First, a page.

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No child left monolingual: The present and possible future of dual language education in the U.S.
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Bio

Kim Potowski is Professor of Spanish linguistics in the Department of Hispanic & Italian Studies at the University of Illinois at Chicago, where she also holds appointments in Latin American and Latino Studies, Curriculum and Instruction, and an affiliation with the Social Justice Initiative. She has been directing the Spanish for heritage speakers program since 2002, which now offers 28 sections per year. She has visited over 60 college campuses in the U.S., Mexico, Italy, and Spain to deliver courses and lectures about Spanish heritage language education. She also speaks at K-8 school districts to parents, teachers, and administrators about the benefits of dual immersion programs, which was the focus of her 2013 TEDx talk “No child left monolingual.” She has been a fellow at the Advanced Research Collaborative at the Graduate Center of the City University of New York as well as a Fulbright scholar in Oaxaca, Mexico, examining the linguistic and educational experiences of U.S.-raised youth who returned to Mexico. Since 2009, she has served as Executive Editor of the journal Spanish in Context.

Her research focuses on Spanish in the United States, including factors that influence intergenerational language transmission and change as well as connections between language and ethnic identity. Her current projects include:

  • The Spanish proficiency of elementary school children in dual language programs
  • “CHISPA,” a multi-generational corpus of Chicago Spanish (with Lourdes Torres)
  • An advanced Spanish grammar textbook focusing on sociolinguistic variation (with Naomi Shin)
  • The absence and (mis)use of Spanish in mainstream television programs (with Rosalyn Negrón)
  • A multi-generational corpus of Polish and Lithuanian in Chicago, supported by a grant from the American Council of Learned Societies

She has authored, co-authored, and edited works including:

  • The Handbook of Spanish as a heritage/minority language (Routledge, ed., 2017)
  • Conversaciones escritas: Lectura y redacción en contexto (Wiley, 2nd edition 2017)
  • Inter-Latino language and identity: Mexi-Ricans in Chicago (Benjamins, 2016)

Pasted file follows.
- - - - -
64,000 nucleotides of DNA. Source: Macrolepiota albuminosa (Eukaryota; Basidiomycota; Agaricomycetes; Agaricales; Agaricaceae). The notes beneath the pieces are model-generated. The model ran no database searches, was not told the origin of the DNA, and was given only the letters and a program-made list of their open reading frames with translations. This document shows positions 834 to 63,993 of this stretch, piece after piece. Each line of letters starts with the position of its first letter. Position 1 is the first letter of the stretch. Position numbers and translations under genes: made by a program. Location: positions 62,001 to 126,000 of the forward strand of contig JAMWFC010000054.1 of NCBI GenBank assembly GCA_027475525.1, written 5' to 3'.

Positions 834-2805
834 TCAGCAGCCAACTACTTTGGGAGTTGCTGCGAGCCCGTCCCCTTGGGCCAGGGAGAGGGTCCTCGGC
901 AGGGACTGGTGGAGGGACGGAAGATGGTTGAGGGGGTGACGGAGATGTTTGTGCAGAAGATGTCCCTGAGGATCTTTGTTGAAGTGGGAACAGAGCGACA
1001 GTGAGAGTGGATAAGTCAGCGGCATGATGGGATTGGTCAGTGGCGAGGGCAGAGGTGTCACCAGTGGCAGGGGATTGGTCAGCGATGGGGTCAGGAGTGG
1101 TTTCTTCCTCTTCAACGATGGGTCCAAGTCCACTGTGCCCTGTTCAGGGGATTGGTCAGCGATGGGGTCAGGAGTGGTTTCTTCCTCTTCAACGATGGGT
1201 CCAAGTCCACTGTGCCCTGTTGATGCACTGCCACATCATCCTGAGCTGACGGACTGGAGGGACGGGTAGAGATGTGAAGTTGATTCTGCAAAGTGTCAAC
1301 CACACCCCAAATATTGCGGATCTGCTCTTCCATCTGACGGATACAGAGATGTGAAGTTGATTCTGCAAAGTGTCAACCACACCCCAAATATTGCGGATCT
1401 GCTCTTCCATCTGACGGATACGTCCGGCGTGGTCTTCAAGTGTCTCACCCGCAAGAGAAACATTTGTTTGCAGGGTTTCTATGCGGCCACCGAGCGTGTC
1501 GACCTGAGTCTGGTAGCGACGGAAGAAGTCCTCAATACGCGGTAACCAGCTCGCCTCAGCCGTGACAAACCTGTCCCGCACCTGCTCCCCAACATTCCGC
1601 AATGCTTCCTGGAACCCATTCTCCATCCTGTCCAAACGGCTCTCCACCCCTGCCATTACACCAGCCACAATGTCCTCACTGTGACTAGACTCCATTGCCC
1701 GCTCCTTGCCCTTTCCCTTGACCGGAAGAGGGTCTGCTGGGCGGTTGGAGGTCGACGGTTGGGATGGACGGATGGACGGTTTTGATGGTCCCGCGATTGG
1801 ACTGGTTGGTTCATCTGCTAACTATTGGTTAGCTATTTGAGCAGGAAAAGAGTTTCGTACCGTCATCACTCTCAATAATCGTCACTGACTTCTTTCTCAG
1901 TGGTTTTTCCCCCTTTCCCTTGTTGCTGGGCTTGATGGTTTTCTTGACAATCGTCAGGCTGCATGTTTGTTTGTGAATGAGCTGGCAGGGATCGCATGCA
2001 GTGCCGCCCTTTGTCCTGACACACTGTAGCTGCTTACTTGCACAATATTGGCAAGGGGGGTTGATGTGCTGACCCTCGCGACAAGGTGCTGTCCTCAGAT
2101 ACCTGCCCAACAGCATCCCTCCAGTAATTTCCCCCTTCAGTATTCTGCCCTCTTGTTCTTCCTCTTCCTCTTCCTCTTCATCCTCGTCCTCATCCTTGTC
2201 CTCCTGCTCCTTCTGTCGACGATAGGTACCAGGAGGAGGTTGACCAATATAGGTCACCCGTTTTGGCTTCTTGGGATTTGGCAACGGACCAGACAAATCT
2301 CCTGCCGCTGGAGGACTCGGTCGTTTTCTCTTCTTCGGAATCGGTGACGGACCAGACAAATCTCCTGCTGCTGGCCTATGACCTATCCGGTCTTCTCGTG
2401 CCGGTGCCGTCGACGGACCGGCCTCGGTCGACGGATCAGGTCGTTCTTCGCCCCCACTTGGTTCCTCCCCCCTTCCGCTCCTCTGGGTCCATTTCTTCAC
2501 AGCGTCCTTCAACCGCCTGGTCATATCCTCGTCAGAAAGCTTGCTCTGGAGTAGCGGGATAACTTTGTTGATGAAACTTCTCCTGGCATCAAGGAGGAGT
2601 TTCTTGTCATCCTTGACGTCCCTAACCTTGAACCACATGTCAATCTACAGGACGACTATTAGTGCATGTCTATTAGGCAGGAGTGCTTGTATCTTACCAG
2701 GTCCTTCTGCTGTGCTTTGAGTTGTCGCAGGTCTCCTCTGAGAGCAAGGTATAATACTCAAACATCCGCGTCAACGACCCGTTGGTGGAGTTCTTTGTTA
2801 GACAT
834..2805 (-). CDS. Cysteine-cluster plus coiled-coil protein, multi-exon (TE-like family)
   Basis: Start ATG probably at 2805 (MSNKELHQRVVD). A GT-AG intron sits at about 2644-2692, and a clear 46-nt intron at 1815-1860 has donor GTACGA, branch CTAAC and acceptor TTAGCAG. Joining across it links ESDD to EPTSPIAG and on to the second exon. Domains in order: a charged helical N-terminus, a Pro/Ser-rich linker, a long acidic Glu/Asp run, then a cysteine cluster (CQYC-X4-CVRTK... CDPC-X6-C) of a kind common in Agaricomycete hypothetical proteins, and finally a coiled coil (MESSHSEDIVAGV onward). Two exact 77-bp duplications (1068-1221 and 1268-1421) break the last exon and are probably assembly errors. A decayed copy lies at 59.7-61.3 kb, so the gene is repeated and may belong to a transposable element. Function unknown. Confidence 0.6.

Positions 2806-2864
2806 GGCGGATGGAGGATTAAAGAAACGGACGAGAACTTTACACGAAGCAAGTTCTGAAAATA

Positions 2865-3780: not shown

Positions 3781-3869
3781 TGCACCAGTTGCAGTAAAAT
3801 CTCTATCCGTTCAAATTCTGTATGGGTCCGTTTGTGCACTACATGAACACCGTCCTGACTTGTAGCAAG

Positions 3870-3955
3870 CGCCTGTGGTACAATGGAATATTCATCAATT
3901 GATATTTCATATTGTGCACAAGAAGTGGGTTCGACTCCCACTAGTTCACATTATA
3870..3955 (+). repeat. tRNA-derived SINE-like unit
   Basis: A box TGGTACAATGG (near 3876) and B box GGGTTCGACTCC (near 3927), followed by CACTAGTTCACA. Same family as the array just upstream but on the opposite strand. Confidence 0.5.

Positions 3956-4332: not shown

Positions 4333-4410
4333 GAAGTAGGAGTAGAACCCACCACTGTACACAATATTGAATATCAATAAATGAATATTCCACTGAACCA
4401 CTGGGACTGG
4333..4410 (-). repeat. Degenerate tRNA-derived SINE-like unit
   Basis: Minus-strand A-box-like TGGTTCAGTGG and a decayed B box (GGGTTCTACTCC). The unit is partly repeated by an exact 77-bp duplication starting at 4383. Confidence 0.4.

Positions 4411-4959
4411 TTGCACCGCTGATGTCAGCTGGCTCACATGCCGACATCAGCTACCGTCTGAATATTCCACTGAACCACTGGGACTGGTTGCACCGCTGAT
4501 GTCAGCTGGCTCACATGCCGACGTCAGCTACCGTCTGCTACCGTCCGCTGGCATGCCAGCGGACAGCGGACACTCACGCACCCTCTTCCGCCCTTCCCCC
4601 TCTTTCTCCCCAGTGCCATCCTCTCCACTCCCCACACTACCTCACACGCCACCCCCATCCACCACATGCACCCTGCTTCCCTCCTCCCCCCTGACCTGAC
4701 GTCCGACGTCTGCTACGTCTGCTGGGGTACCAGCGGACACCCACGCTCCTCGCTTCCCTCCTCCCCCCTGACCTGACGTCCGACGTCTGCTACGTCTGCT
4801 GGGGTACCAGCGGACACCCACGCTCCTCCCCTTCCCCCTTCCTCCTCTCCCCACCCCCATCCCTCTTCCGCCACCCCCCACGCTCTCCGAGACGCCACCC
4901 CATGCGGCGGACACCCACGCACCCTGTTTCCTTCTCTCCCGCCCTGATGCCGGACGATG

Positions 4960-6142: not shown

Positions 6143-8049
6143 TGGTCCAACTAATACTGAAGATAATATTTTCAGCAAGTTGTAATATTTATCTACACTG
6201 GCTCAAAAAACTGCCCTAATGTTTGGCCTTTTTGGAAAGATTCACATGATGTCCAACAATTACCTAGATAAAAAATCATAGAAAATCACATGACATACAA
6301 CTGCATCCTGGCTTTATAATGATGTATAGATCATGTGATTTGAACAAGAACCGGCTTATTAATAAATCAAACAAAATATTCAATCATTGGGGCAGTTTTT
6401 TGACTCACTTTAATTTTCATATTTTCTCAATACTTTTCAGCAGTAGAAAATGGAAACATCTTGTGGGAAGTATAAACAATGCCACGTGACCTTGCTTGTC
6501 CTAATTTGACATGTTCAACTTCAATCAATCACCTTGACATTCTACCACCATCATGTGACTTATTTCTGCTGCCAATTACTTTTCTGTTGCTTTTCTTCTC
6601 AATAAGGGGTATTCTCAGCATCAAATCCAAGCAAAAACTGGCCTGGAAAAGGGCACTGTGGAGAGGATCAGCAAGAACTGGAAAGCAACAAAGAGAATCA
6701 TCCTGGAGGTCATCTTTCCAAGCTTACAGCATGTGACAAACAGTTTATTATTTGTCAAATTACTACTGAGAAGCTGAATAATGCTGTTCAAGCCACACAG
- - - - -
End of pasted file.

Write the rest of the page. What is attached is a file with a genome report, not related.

• El español de los Estados Unidos (with Anna María Escobar. Cambridge, 2015)
  • Heritage language teaching: Research and practice (with Sara Beaudrie & Cynthia Ducar. McGraw Hill, 2014)
  • Language diversity in the USA (Cambridge, ed., 2011)
  • Language and identity in a dual immersion school (Multilingual Matters, 2007)

Abstract

Dual language education in the U.S. serves multiple goals. For language minority students, it has been shown to be the most successful model for learning English while simultaneously developing students’ first language. For English speakers, it provides a rich environment in which to acquire another language. These programs also lead to high levels of academic achievement for all students. We have copious data documenting students’ English learning and academic achievement outcomes, but what has received far less attention is their Spanish: What does it look like, and what are the implications of developing strong academic proficiency in Spanish? After exploring a few myths about multilingualism that plague the U.S. and that serve to curtail these programs and squander the many non-English languages spoken in communities across the country, I present data on Spanish proficiency from two dual language schools in the Chicago area. Among the principal findings are these: (1) Spanish is not used as frequently as planned, which despite the value of translanguaging has potentially negative consequences for Spanish development; (2) A focus on form might bolster the acquisition of certain structures; and (3) Spanish-speaking parents would likely benefit from seeing examples of the decline in Spanish proficiency among students enrolled in all English programs, in particular when deciding what school to choose for their own children. I conclude by describing the social justice implications of well-executed dual language programs as they push our nation to embrace greater cultural and linguistic democracy, outlining some concrete benefits for Latinos – who currently constitute one out of every four school-age children in the U.S. – as well as for the rest of the population.

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